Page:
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Learners versus Students

I have recently made a very conscious decision in my use of words. I have chosen to no longer use the word “student” when referring to those that I have had the privilege to have in my classroom or to those that other educators have had the privilege of guiding. The decision was more or less an epiphany while writing a portion of my followup book to Authentic Learning Experiences: A Real-World Approach to PBL.

If we refer to those children, or young adults, for whom we have been entrusted to care for seven hours a day, as merely students in our classroom, aren’t we then alluding to fact that we are the sole providers and disseminators of knowledge? This also implies that we are keeping these children and young adults at the lowest levels of Bloom’s Taxonomy – remembering.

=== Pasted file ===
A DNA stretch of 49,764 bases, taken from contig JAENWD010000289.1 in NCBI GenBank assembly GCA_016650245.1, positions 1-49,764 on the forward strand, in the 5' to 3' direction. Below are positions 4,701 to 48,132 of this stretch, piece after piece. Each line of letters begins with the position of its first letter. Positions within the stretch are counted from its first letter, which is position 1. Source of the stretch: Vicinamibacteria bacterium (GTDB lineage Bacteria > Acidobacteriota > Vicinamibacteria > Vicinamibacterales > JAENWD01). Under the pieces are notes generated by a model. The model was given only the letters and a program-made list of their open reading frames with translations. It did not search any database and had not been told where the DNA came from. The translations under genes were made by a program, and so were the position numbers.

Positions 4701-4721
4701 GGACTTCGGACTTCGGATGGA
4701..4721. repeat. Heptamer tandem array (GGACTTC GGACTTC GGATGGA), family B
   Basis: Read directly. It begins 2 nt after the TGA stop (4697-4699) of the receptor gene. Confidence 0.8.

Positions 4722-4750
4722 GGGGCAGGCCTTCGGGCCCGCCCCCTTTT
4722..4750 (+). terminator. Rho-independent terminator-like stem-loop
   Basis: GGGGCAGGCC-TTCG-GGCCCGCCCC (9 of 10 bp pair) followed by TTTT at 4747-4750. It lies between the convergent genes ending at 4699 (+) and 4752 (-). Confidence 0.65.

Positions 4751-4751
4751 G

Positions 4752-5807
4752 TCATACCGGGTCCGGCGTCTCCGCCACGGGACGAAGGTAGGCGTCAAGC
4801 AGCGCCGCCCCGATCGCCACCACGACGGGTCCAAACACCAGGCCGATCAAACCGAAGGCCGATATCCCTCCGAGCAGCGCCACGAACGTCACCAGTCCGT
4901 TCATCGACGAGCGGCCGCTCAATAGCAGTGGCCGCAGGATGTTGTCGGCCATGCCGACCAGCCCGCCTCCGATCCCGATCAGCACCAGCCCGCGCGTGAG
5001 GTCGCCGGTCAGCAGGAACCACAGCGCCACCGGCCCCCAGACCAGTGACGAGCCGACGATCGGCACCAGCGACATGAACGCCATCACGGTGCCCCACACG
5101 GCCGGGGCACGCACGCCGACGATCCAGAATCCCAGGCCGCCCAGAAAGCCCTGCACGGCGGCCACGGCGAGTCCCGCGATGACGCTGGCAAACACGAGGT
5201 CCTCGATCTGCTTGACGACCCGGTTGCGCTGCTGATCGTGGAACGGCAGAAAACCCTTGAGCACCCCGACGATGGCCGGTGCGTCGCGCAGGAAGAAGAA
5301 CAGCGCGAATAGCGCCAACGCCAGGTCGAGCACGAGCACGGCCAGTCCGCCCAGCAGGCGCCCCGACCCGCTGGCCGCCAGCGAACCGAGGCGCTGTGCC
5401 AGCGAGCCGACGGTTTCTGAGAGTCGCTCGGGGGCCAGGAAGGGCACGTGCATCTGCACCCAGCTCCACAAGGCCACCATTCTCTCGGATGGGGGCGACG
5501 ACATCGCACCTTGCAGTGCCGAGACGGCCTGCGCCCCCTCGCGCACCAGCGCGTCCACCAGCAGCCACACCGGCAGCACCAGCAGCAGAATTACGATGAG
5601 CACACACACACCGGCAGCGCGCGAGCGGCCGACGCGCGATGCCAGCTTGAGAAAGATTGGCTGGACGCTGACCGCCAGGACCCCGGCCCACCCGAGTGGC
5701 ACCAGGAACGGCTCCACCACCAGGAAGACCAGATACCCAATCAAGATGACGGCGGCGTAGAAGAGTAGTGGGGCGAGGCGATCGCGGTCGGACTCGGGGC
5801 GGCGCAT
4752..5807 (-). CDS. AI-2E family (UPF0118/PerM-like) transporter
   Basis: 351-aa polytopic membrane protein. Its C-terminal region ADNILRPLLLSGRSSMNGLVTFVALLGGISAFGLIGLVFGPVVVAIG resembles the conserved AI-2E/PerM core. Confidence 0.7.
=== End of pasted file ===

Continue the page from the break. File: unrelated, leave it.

It should be every educator’s goal to co-learn within the classroom and, most certainly, to take “students” beyond the level of remembering. Thus, I would encourage you all to stop referring to your “students” and start referring to your “learners.” The use of the word “learner” opens up a whole new world to creation and innovation. Anyone can Goolge, YouTube, or Khan Academy these days. However, it takes a special educator to foster the love of learning. Admitting that you may not know the answer speaks volumes in the classroom. Facilitating the learning process through careful scaffolding, support, and questioning leads to deeper inquiry and, consequently, deeper retention. Most importantly, moving from “teaching students” to “facilitating learners” brings meaning back into a system of education that has for far too long been focused on standardized testing.

Posted in Book, Learners.

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